North Georgia Ford - A head to head comparison of a 2017 Ford Escape to a 2016 Subaru Outback in Ergonomics near Calhoun, GA.


 
  • North Georgia Ford Journal
  • Jan 17th 2017 - 330 days ago
  • Calhoun, GA
  • Share This Story

Compared To Subaru Outback 2016



The engine computer on the Escape automatically engages the starter until the car starts with one twist of the key and disables the starter while the engine is running. The Outback’s starter can be accidentally engaged while the engine is running, making a grinding noise and possibly damaging the starter and ring gear.

The Escape Titanium’s standard easy entry system glides the driver’s seat back when the door is unlocked or the ignition is switched off, making it easier for the driver to get in and out. The Outback doesn’t offer an easy entry system.

The power windows standard on both the Escape and the Outback have locks to prevent small children from operating them. When the lock on the Escape is engaged the driver can still operate all of the windows, for instance to close one opened by a child. The Outback prevents the driver from operating the other windows just as it does the other passengers.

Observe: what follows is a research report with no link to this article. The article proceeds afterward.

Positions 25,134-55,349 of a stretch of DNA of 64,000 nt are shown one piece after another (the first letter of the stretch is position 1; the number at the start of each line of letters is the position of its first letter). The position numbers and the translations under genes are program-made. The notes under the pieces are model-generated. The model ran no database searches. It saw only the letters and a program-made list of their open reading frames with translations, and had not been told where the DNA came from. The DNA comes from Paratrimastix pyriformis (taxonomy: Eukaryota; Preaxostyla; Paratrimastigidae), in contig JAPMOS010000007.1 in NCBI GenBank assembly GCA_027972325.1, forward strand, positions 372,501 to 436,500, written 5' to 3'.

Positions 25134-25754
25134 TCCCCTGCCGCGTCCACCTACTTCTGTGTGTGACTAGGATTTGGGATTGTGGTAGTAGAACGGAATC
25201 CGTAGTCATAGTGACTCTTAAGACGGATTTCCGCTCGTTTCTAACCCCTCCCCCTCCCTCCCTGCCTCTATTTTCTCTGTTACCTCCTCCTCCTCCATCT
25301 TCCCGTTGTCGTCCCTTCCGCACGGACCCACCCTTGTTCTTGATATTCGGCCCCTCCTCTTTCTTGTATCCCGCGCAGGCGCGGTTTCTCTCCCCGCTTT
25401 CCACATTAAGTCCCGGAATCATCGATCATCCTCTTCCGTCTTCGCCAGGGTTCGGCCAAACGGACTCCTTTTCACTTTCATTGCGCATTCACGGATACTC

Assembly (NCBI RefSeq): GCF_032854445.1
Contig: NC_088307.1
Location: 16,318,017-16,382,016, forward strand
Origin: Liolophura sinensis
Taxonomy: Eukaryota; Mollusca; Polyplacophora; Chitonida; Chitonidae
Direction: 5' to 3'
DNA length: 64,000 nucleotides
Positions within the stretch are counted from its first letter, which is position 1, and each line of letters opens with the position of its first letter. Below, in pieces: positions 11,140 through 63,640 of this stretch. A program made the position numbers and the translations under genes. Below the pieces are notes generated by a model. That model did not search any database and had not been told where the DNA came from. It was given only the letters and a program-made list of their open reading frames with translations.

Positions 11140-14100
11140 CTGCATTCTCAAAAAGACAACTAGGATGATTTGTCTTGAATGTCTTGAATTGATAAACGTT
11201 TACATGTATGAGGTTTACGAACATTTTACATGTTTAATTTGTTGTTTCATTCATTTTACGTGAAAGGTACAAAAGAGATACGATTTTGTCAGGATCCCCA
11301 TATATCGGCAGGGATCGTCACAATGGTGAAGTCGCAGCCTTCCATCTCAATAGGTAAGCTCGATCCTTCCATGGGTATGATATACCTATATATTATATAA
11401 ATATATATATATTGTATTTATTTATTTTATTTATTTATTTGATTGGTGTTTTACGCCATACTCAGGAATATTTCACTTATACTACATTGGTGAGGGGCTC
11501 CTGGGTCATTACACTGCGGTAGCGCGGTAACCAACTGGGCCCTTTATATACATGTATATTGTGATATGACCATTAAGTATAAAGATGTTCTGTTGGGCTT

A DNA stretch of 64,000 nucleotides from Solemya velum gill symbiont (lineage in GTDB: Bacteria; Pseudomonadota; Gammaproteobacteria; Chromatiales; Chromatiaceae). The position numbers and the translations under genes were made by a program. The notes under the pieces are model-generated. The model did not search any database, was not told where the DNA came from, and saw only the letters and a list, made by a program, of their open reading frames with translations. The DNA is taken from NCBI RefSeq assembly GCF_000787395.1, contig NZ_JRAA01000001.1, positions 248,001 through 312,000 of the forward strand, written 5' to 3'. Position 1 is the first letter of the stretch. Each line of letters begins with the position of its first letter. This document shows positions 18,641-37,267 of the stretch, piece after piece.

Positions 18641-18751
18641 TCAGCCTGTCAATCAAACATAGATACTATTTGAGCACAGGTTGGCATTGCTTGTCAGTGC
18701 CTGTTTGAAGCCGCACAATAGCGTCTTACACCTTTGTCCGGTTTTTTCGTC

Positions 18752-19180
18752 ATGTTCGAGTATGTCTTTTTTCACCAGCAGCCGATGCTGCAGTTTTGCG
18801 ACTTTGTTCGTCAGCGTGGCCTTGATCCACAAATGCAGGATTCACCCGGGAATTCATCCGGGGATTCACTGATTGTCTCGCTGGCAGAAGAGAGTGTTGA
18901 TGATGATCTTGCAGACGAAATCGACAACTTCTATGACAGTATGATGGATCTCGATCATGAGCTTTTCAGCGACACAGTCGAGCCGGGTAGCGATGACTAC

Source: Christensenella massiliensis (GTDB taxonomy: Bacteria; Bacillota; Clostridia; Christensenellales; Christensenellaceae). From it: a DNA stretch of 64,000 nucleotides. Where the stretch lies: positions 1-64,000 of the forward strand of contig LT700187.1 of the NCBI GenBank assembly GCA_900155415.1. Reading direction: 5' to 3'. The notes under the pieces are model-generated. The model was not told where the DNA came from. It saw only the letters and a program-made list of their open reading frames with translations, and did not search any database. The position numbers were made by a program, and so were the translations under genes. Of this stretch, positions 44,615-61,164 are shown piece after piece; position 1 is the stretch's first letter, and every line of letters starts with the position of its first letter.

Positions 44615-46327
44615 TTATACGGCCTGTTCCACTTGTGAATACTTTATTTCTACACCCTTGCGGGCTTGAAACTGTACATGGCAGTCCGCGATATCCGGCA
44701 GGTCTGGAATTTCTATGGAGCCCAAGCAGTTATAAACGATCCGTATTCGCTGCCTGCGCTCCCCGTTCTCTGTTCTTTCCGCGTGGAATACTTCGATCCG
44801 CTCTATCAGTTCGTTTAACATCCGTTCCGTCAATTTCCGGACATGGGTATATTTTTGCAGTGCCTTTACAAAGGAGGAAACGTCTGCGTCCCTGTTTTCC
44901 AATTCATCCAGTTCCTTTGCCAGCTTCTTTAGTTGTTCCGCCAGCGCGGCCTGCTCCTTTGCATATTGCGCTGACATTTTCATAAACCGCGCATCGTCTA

The Escape’s optional front and rear power windows all open or close fully with one touch of the switches, making it more convenient at drive-up windows and toll booths, or when talking with someone outside the car. The Outback Premium//Limited’s optional rear power window switches have to be held the entire time to open or close them fully.

The Escape’s standard speed-sensitive wipers speed up when the vehicle does, so that the driver doesn’t have to continually adjust the speed of the wipers. The Outback’s manually variable intermittent wipers have to be constantly adjusted. The Escape Titanium’s optional wipers adjust their speed and turn on and off automatically according to the amount of rainfall on the windshield.

While driving with high beams on, sensitive light sensors available for the Escape Titanium detect other vehicles which could be blinded and automatically switch to low beams. The Outback doesn’t offer automatic dimming high beams.

On extremely cold Winter days, the Escape Titanium’s optional heated steering wheel provides comfort, allowing the driver to steer safely and comfortably before the vehicle heater warms up. The Outback doesn’t offer a heated steering wheel.

Both the Escape and the Outback offer rear vents. For greater rear passenger comfort, the Escape has standard rear air conditioning vents to keep rear occupants cool in summer or warm in winter. The Outback Base doesn’t offer rear air conditioning vents, only heat vents.

The Escape (except S) offers an optional 115-volt a/c outlet on the center console, allowing you to recharge a laptop or run small household appliances without special adapters that can break or get misplaced. The Outback doesn’t offer a house-current electrical outlet.

The Escape Titanium’s optional Active Park Assist can parallel park or back into a parking spot by itself, with the driver only controlling speed with the brake pedal. The Outback doesn’t offer an automated parking system.